Autosomal Recessive Inheritance
An autosomal recessive disease is expressed fully only in the presence of a mutant gene at the same locus on both homologous chromosomes (ie, homozygosity for a mutant gene) or of 2 different mutant alleles at the same locus (compound heterozygosity). A single mutant allele is sufficient to cause a recessive disorder if the normal allele on the homologous chromosome is deleted. A recessive trait can remain latent through several generations until the chance mating of 2 heterozygotes for a mutant allele gives rise to an affected individual. The frequency of heterozygotes (carriers) for a given disorder will always be considerably greater than that of homozygotes. It is estimated that all human beings inherit numerous mutations for different recessive disorders for which they are heterozygotes.
Autosomal recessive diseases often result from defects in enzymatic proteins. Most of the so-called inborn errors of metabolism that result from enzyme defects are autosomal recessive traits, although a few are X-linked recessive disorders (eg, Lesch-Nyhan syndrome).
Table 6-1 Known Enzyme Disorders and Corresponding Ocular Signs
In some other disorders with genetic blocks in metabolism, the phenotypic consequences are related to the lack of a normal product distal to the block. One example is albinism, in which the metabolic block involves a step between the amino acid tyrosine and the formation of melanin. In still other inborn errors of metabolism, the phenotypic expression results from excessive production of a product through a normally alternative and minor metabolic pathway.
The heterozygous carrier of a mutant gene may show minimal evidence of the gene defect in recessive conditions. However, dysfunction may be evident at a biochemical level. Thus, carrier heterozygotes have been detected by a variety of methods:
identification of abnormal metabolites by electrophoresis (eg, galactokinase deficiency)
hair bulb assay (eg, oculocutaneous albinism and Fabry disease)
monitoring of enzyme activity in leukocytes (eg, galactose-1-phosphate uridyltransferase in galactosemia)
skin culture for analysis of enzyme activity in fibroblasts (eg, ornithine aminotransferase deficiency in gyrate atrophy of the retina and choroid)
assay of serum and tears (eg, hexosaminidase A in Tay-Sachs disease)
In contrast to the transmission of dominant traits, most reproduction resulting in transmission of recessive disorders involves phenotypically normal heterozygous parents. Among 4 offspring produced by parents carrying the same gene for an autosomal recessive disease, on average, 1 will be affected (homozygote), 2 will be carriers (heterozygotes), and 1 will be genetically and phenotypically unaffected. Thus, clinically unaffected heterozygous parents will produce offspring with a ratio of 1 clinically affected to 3 clinically normal. There is no predilection for either sex. In 2-child families, the patient with a recessive disease is frequently the only affected family member. For instance, approximately 40%–50% of patients with retinitis pigmentosa (RP) have no family history of the disorder. However, their age at onset, rate of progression, and other phenotypic characteristics are similar to those with defined recessive inheritance patterns.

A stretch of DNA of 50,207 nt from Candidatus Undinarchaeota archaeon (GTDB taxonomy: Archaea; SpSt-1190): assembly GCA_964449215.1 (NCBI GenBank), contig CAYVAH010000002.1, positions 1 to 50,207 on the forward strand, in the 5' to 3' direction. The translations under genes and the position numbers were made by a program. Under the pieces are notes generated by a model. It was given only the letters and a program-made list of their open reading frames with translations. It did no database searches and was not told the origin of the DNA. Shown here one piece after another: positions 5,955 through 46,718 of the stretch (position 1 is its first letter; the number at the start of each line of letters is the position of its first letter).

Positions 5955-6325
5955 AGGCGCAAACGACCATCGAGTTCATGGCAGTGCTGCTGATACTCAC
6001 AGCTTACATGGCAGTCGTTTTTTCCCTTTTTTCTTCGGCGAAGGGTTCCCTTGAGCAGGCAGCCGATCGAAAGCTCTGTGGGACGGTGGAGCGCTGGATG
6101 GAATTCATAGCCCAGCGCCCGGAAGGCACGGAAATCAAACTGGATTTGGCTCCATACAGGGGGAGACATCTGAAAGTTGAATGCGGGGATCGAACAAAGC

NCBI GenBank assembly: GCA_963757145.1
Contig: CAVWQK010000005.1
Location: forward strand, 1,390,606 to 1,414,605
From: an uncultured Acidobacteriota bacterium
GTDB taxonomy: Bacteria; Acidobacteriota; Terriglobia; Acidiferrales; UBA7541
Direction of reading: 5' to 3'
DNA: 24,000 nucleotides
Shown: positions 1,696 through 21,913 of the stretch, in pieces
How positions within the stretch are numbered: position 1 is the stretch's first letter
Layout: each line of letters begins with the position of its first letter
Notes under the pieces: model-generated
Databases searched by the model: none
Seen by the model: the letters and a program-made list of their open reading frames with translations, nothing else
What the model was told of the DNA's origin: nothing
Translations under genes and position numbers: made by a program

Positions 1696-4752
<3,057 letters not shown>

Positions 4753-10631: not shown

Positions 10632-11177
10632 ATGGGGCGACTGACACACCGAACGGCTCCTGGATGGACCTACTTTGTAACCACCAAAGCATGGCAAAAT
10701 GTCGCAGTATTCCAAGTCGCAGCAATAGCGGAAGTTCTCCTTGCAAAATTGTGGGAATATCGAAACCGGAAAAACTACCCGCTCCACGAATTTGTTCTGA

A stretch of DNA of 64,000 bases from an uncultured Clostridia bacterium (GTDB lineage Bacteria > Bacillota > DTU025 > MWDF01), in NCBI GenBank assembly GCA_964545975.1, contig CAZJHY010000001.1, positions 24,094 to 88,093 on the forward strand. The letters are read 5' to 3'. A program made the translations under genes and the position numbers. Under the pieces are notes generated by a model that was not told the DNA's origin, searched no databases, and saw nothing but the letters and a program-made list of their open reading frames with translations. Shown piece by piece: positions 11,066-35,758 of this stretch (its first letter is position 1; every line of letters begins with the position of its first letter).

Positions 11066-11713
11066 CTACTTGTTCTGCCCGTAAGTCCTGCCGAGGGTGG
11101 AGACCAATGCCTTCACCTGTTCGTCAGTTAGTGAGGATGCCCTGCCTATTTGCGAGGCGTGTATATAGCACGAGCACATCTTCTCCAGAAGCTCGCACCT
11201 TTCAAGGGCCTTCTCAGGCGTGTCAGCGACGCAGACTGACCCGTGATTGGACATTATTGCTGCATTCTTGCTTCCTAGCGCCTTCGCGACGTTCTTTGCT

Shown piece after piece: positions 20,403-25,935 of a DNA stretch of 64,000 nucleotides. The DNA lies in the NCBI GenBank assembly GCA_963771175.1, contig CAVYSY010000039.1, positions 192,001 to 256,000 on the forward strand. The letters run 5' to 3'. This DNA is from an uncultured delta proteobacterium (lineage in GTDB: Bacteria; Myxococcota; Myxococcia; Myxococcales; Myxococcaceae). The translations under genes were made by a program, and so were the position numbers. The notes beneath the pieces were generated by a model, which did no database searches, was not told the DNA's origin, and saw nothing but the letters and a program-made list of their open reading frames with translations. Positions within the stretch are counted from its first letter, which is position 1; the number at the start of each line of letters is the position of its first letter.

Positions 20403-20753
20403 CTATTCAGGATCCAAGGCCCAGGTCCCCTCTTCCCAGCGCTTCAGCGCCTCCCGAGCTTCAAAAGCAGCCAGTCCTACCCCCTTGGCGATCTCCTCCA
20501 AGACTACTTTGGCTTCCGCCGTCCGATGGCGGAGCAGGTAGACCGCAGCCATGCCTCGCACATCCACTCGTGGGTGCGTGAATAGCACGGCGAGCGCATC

This concept has specific implications for genetic counseling. All offspring of an affected individual will be carriers; they are unlikely to be affected with the disorder unless their clinically unaffected parent is also by chance a carrier of the gene. The normal-appearing sibling of a child with a recessive disorder has a statistical risk of 2 chances in 3 of being a genetic carrier. As the genes for recessive diseases are identified, these individuals and their offspring will benefit from predictive DNA testing.
The mating of close relatives can increase the probability that their children will inherit a homozygous genotype for recessive traits, particularly relatively rare ones. For example, the probability that the same allele is present in first cousins is 1 in 8. In the offspring of a first-cousin sexual union, 1 of every 16 genes is commonly present in a homozygous state. It follows that each offspring from a first-cousin union has a 1 in 16 chance of manifesting an autosomal recessive trait within a given family. Approximately 1% of all sexual unions may be consanguineous. A vigorous search for consanguinity between the parents should be made in any case of a rare recessive disease.
In contrast, the expression of common recessive genes is less influenced by inbreeding because most homozygous offspring are the progeny of unrelated parents. This pattern is usually the case with such frequent disorders as sickle cell disease and cystic fibrosis. The characteristics of autosomal recessive inheritance are summarized in Table 6-2.
Occasionally, an affected homozygote mates with a heterozygote. Of their offspring, 50% will be carriers and 50% will be affected homozygotes. Because this segregation pattern mimics that of dominant inheritance, it is called pseudodominance. Such matings are usually rare and are unlikely to affect more than 2 vertical generations.
Excerpted from BCSC 2020-2021 series: Section 2 - Fundamentals and Principles of Ophthalmology. For more information and to purchase the entire series, please visit https://www.aao.org/bcsc.